Livingstone’s claims so lack any historical accuracy that one is loath to refute them. (Would we ask a scientist to refute claims that the earth is flat?) He has spun this historical fantasy on the back of the Ha’avara agreement, made between the Nazis and German Zionists in August 1933. German Jews were prevented by Nazi regulations from taking their savings out of Germany. Under the agreement, the Palestinian Jewish community bought German agricultural equipment with some of the blocked funds. Jews who came to Palestine from Germany were able to claw back a portion of their funds upon arrival. This agreement generated controversy among Jews and some Nazis. The former were trying to organize a boycott of German goods, which this agreement contravened. The latter disliked anything that helped Jews. To call it collaboration or to say it proves Hitler was a Zionist, though, stretches those terms beyond any meaning.
Livingstone’s attempt to rewrite history has a contemporary political purpose. He is trying to draw a direct line between Nazism and Zionism by equating the two, to claim that today’s supporters of Israel are heirs to the Nazis. Israel becomes more than a place to compensate Jews for their suffering. It becomes a place that flourished thanks to their suffering.
But Livingstone was not alone in his revisionism. Marine Le Pen, leader of the far-right French National Front, who stands a chance of winning the presidency in the forthcoming elections, contended that France bore no responsibility for the Val d’Hiv roundup of 13,000 Jews in the summer of 1942. The Jews were held for days in searing heat and horrific conditions—little food, water, or facilities—until they were deported. Most ended up in Auschwitz, where they were gassed.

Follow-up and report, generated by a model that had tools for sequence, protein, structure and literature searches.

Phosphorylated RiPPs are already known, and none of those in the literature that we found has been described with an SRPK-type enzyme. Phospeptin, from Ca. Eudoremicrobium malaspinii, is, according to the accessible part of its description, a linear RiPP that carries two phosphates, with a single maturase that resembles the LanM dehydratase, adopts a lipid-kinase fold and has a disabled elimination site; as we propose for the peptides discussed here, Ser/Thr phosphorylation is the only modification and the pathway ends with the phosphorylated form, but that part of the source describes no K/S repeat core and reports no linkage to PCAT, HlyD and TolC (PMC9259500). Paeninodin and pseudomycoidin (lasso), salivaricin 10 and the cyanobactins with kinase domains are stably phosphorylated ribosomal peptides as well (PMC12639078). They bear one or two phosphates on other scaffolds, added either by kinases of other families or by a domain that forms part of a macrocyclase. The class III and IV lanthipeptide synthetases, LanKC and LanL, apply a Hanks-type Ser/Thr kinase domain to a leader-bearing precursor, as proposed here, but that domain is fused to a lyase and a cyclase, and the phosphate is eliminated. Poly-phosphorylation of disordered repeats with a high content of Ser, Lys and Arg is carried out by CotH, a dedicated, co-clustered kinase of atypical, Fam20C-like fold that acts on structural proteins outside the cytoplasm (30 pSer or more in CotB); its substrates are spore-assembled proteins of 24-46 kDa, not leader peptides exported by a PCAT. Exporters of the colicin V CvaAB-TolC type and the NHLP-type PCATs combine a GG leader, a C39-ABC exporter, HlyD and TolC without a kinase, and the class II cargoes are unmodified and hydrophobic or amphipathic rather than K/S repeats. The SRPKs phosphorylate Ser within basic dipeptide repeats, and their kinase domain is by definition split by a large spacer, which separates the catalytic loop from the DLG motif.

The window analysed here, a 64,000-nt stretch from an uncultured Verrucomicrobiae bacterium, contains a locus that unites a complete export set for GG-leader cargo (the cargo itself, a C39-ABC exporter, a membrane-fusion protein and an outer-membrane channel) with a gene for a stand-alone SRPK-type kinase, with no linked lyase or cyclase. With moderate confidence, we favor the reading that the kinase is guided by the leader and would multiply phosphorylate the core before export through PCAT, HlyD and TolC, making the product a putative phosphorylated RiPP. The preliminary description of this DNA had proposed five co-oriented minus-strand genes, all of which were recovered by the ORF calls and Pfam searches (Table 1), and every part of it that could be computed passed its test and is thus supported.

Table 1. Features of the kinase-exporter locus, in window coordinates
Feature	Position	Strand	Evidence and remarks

For over two decades French leaders from across the political spectrum have acknowledged that this roundup was instigated by French authorities, conducted by French police, and supervised by French officials. In 1995, French President Jacques Chirac unequivocally declared: “France, the homeland of the Enlightenment and of the rights of man, a land of welcome and asylum—France, on that day, committed the irreparable. Breaking its word, it handed those who were under its protection over to their executioners.” To their credit every French president since Chirac has reaffirmed responsibility for this blot on France’s history.
In contrast, Le Pen attacked the fact that French children are taught of their nation’s complicity. “I want them to be proud to be French again.”
In making this claim she echoed her father, Jean Marie Le Pen, the former party leader and a man with a long record of anti-Semitism, who has resurfaced in recent weeks with his oft-repeated statement that the Holocaust and gas chambers were just “details in history.” His assertion that the mechanisms designed and built solely for mass murder are unimportant raises the question: Why then do we hear so much about them?